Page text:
As a parting shot, I doubt that those who dismiss Miaskovsky as "reactionary" would regard him any more favorably if he were a satellite of Shostakovich, Stravinsky or Webern. He is himself--an original--working, by choice and with conviction, in a generally conservative style--eminently worth getting to know on his own terms.

P.S. If you enjoyed the symphonies, don't forget to check out the Taneyev Quartet's recordings of the String Quartets.
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on 30 December 2008
This is an important and indispensable issue, but praise requires some qualifications. To start with a warning, a purchaser must first check whether he's got all the right discs in the right sleeves (I, and others, found one disc replaced by a duplicate of another). And everyone's complaint is that the leaflet contains minimal information and several errors. Any listener will want to correlate the symphonies with what was going on at the time in the Soviet cultural world, for which he needs at the very least the dates of composition: these, however, can be easily found on the internet, as can also informative reviews of previous issues of the individual CDs.
How good are these works? They are never as good as Shostakovich at his best, and never as bad as Shostakovich at his worst. Despite superficial influence from Scriabin and other innovators, we rarely get far from the emotional and musical world of nineteenth-century Russian symphonism (the modernist Symphony 13 is the great exception). But this was the fruit not of prudent conformism but of a profound cultural identity, and if the later symphonies were less personal than the earlier ones, this does not mean that they were less sincere. He rarely surprises one, but he had a gift for creating music that is urgent and maintains a sense of direction.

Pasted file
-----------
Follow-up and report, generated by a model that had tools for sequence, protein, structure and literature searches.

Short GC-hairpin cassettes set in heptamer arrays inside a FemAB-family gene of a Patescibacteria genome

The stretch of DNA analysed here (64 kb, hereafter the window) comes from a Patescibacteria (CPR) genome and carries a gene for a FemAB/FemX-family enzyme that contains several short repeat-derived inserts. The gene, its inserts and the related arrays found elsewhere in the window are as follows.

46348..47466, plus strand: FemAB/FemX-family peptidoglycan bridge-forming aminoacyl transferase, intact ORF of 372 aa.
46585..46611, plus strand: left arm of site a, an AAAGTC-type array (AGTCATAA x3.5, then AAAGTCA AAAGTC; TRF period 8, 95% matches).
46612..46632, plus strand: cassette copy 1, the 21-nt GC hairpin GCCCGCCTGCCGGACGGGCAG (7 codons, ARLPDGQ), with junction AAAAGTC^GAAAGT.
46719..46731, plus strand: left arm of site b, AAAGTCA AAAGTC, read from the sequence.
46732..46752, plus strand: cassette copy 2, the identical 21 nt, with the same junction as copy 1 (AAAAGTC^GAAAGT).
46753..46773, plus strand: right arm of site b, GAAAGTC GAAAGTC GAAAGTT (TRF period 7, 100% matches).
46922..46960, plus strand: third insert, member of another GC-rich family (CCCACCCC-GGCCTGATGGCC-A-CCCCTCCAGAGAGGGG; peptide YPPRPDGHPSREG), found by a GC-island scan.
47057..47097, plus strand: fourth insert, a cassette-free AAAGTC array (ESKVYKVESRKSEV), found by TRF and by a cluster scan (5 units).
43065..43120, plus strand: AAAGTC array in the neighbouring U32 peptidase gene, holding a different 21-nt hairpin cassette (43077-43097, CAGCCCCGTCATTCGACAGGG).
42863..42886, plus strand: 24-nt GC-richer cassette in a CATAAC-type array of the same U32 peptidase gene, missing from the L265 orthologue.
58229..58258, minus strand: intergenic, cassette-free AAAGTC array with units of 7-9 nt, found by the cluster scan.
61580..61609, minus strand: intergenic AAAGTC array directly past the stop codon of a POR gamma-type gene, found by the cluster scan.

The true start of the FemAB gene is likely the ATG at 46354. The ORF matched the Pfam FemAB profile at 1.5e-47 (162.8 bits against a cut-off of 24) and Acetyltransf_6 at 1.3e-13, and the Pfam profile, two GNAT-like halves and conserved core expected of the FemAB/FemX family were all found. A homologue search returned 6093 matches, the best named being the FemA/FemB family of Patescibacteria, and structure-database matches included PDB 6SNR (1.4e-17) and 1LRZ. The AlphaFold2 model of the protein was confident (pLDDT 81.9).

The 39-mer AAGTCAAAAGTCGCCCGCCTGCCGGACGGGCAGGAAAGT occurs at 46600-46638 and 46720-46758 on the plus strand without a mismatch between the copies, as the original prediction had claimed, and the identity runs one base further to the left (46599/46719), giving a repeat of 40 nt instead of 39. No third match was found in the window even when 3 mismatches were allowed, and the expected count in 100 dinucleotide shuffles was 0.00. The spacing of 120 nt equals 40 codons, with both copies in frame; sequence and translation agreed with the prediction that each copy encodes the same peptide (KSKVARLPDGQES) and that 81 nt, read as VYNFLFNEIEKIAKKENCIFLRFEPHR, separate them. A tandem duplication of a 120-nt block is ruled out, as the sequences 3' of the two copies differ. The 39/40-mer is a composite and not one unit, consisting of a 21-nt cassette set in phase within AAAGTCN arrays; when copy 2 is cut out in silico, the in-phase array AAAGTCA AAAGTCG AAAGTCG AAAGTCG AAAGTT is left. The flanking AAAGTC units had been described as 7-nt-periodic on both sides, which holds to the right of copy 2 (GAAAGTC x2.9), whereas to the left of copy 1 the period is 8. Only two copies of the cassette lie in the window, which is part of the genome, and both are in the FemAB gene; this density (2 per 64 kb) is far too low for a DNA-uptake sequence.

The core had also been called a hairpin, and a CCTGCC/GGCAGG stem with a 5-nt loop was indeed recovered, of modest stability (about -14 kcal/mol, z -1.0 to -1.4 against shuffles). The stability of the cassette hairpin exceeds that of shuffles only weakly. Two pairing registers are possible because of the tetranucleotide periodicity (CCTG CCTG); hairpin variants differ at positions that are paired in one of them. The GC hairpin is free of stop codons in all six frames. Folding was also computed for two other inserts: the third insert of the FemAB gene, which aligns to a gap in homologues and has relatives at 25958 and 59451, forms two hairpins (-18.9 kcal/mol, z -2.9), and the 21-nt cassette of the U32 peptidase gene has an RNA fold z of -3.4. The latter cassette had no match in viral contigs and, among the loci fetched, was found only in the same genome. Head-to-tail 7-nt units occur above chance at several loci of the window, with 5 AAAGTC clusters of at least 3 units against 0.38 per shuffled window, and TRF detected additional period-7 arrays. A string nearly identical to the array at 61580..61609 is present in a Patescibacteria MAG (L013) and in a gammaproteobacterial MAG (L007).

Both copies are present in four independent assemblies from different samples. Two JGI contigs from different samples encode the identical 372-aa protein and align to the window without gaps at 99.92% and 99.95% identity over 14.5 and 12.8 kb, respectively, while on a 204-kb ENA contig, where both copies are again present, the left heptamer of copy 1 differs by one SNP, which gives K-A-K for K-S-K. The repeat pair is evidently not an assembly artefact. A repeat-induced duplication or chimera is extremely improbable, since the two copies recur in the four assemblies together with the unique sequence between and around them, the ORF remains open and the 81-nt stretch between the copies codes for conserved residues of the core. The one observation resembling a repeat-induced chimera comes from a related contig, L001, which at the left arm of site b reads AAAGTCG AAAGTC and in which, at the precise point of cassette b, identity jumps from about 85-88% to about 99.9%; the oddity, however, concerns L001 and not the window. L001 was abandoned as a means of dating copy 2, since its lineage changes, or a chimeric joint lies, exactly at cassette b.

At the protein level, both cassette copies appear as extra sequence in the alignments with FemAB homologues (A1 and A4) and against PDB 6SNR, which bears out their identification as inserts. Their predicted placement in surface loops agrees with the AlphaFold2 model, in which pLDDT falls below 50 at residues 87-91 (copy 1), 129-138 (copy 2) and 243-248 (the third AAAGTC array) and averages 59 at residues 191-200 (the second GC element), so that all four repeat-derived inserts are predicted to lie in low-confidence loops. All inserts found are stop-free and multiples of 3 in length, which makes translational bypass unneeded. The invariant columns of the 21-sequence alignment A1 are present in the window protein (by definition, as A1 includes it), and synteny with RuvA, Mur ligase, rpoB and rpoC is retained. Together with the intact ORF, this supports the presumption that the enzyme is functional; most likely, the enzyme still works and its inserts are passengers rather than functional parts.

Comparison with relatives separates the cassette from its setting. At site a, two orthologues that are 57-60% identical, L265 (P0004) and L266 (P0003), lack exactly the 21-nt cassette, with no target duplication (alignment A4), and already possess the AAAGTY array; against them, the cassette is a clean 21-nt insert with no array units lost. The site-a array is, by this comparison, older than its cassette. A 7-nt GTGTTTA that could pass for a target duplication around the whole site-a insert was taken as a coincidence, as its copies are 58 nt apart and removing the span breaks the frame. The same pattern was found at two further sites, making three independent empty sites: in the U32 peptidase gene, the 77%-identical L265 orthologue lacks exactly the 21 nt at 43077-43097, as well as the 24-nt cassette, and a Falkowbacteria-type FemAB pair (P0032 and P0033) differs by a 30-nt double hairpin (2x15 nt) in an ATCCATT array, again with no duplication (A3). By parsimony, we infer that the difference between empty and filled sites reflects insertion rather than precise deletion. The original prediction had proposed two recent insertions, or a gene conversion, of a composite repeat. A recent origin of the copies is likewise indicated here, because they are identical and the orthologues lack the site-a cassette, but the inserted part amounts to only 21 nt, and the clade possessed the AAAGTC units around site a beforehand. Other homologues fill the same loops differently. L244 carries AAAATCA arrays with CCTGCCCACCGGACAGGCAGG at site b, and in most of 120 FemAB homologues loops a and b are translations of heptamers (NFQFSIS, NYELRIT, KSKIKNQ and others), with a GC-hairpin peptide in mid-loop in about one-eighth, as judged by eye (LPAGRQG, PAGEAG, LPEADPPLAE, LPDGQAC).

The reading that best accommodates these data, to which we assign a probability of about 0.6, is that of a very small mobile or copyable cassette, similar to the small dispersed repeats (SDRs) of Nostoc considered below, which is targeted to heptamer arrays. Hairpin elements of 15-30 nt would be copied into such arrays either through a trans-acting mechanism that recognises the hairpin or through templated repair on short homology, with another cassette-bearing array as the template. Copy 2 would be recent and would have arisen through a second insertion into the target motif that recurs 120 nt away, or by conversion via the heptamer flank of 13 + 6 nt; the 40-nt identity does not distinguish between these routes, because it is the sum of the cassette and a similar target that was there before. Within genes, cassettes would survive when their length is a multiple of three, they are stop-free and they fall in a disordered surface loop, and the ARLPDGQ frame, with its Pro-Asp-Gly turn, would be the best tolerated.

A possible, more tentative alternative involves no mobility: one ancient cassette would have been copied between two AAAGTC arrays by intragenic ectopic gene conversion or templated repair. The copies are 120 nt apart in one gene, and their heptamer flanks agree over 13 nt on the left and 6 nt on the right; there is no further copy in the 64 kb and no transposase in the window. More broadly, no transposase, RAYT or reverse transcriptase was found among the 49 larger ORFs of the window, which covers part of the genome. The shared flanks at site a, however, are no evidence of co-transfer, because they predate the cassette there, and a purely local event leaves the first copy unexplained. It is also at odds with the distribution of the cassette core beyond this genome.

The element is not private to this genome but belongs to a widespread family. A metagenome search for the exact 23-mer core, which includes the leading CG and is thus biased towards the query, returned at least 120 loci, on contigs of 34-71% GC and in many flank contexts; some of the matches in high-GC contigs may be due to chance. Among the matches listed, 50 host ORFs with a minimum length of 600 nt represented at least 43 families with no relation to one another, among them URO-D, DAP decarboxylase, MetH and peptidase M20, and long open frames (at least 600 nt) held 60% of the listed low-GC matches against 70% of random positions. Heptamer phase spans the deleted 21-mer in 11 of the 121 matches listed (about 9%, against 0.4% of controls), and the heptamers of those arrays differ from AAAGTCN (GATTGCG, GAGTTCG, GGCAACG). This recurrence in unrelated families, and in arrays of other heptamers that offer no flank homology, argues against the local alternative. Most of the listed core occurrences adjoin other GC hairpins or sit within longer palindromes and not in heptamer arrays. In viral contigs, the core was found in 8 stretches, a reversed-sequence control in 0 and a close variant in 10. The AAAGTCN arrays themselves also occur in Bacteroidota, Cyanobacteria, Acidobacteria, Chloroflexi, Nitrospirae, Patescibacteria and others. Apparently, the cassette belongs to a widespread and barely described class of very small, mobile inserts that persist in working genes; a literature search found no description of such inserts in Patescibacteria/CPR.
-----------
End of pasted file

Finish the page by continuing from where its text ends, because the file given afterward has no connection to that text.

It is interesting to compare Svetlanov's interpretations with those of Gauk, the leading Myaskovsky interpreter of the previous generation. Gauk caught the restraint and nobility in Myaskovsky's personality, while Svetlanov gives us passion and brio instead. As a result he holds one's attention in every single work (a notable achievement!), but it would be a mistake to regard these performances as 'definitive' or uniquely 'authentic'. They need to be supplemented by reissues of the best of the earlier Russian recordings.
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on 27 May 2008
I can't repeat this too often: at last all the Symphonies of Nikolay Miaskovsky are available in good to great performances by an eminent Russian conductor: Evgenii Svetlanov. And the extra good news is: some unfamiliar shorter orchestral Works are on these 16! CD's too. Don't expect the Violinconcerto & the Celloconcerto, these aren't included. But they can be had from other (very good sources).

I started collecting CD's form the first day they were available over here (in Holland) and encountered the first Miaskovsky symphonies on the OLYMPIA label and hoped for a complete cycle. Nothing came of it although some of these readings were by Svetlanov. Later the Marco Polo label started recording them and I hoped for a complete cycle. Nothing came of it - and they were done by different conductors and different orchestras so very varied in recording quality and interpretation - but one of these CD's had the tone poem `Silence' op.9 which blew me over (it's on 1 of the 16 so listen to it, it's great). Years later I heard the rumour that Neeme Jarvi was going to record the symphonies for the Swedish BIS label but nothing came of it. A recording on Deutsche Grammophon of Miaskovsky's 6th (with conclusing choir) with the Gothenburg orchestra and Jarvi was released, so I bought that one, it's a good reading.

In 2002 I visited Japan and in Kyoto, at Tower Records of all places, I saw a 16CD box of all these symphonies I think on Svetlanov's own label and I DIDN'T BUY IT. Somehow I didn't trust it, thought it were pirated recordings and I didn't manage enough Japanese those days to ask the 13-year-old boy who was servicing the classical department. (Still don't but that's another story.) The price was wrong too: around (converted) 200 Dutch Guilders (100 Euro's) so that didn't help either.

On Ebay you'll find recordings of these symphonies (paired with 4 CD's in 1 box) on the Russian Disc label but that seller asks a fortune for the whole set too. So I didn't buy it.